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dc.contributor.authorScholz, Kyle 19:59:07 (GMT) 19:59:07 (GMT)
dc.description.abstractThis dissertation project is an analysis of the language learning processes of 14 learners playing in and interacting with the massive multiplayer online role-playing game (MMORPG) World of Warcraft (WoW) in German in order to determine how second language development (SLD) emerges. The data for this study was collected from the in-game experiences and out-of-game conversations of students at the University of Waterloo over the course of four months. Participants were asked to play the game in an extramural setting without any instructor intervention; the only stipulation was that each participant played a minimum of 10 hours. Three times throughout the course of the study, participants met in small focus groups to discuss their gameplay experiences in German. By doing so, the near transfer of linguistic constructions from the gaming context to the out-of-game environment could be observed as evidence of SLD. A complex adaptive systems (CAS) theoretical framework was employed to analyze the language learning and gameplay trajectories of the learners. All language that was observed and produced was recorded and transcribed in order to determine to what extent the transfer occurs while playing WoW, and which type of language learner and approach to gameplay is optimally suited for extramural digital game-based language learning (DGBLL). Pairwise comparisons were conducted for which eight participants were studied in detail. Each individual’s gameplay and language learning experience resulted in the computation of an efficacy score, representing how much linguistic growth occurred relative to the amount of language production that each individual contributed in the in-person or online conversations. By analyzing the efficacy of the learners’ trajectories through a retrodictive qualitative modeling methodology, whereby the process of analysis is reversed so that the outcomes of the system are considered first, each learner’s SLD is traced back to determine which factors and experiences emergent in DGBLL influenced change and growth. The results of this study position MMORPGs as well-suited for SLD in extramural contexts so long as learners are given the opportunity to communicate about the game with fellow players or language learners. If this condition is met, and individuals are given the opportunity to experience the game at their own pace, learners are able to successfully transfer linguistic constructions from the gaming context to the out-of-game environment. Fundamentally, the analysis of these results reveals that due to gameplay and language learning trajectories being nonlinear, a CAS conceptualization of gameplay for SLD purposes is necessary to understand the many factors and influences which lead to development and change within the system. Each learner’s efficacy score proves to be a valuable means by which to gauge the SLD of each learner over the course of the gameplay experience, suggesting that certain factors, such as the amount of time spent playing the game, and the learner’s previous experience learning languages and its relation to his or her rationale for studying German, are worth researching in order to best understand the growth conditions which will lead to SLD in DGBLL.en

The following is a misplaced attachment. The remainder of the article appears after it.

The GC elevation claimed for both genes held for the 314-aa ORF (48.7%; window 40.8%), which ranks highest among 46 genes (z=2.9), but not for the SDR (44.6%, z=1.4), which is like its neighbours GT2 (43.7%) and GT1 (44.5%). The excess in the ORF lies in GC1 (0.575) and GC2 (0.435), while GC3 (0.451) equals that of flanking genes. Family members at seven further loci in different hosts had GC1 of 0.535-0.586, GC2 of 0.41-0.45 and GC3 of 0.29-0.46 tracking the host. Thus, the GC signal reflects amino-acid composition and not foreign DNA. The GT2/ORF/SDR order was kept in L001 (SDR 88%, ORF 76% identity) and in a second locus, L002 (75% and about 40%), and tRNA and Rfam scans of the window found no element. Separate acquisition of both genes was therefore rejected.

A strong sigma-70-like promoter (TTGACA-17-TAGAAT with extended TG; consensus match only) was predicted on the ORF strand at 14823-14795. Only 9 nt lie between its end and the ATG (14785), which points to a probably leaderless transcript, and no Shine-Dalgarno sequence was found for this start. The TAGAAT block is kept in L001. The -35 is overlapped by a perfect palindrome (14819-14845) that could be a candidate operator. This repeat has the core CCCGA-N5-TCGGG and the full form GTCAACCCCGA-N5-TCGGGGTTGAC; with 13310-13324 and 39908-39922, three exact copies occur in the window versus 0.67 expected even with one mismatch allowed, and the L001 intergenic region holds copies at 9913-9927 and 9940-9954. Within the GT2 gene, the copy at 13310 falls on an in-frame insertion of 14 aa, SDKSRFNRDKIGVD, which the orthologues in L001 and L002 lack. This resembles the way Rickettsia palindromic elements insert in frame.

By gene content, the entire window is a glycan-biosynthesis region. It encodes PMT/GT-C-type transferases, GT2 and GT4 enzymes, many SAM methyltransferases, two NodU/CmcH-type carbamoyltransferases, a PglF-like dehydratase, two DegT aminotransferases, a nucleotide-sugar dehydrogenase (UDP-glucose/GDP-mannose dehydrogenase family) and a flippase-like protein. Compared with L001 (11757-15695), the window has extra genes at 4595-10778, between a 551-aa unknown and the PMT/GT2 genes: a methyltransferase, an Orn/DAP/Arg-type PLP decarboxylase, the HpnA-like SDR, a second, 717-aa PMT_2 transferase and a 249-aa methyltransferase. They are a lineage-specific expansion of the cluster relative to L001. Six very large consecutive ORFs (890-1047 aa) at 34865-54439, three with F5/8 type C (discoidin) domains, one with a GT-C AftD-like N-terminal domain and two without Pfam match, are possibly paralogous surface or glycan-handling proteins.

dc.publisherUniversity of Waterlooen
dc.subjectdigital game-based language learningen
dc.subjectcomputer-assisted language learningen
dc.subjectcomplex adaptive systemsen
dc.subjectextramural language learningen
dc.subjectsecond language developmenten
dc.titleOnline Digital Game-Based Language Learning Environments: Opportunities for Second Language Developmenten
dc.typeDoctoral Thesisen
dc.pendingfalse and Slavic Studiesen of Waterlooen
uws-etd.degreeDoctor of Philosophyen
uws.contributor.advisorSchulze, Mathias
uws.contributor.affiliation1Faculty of Artsen

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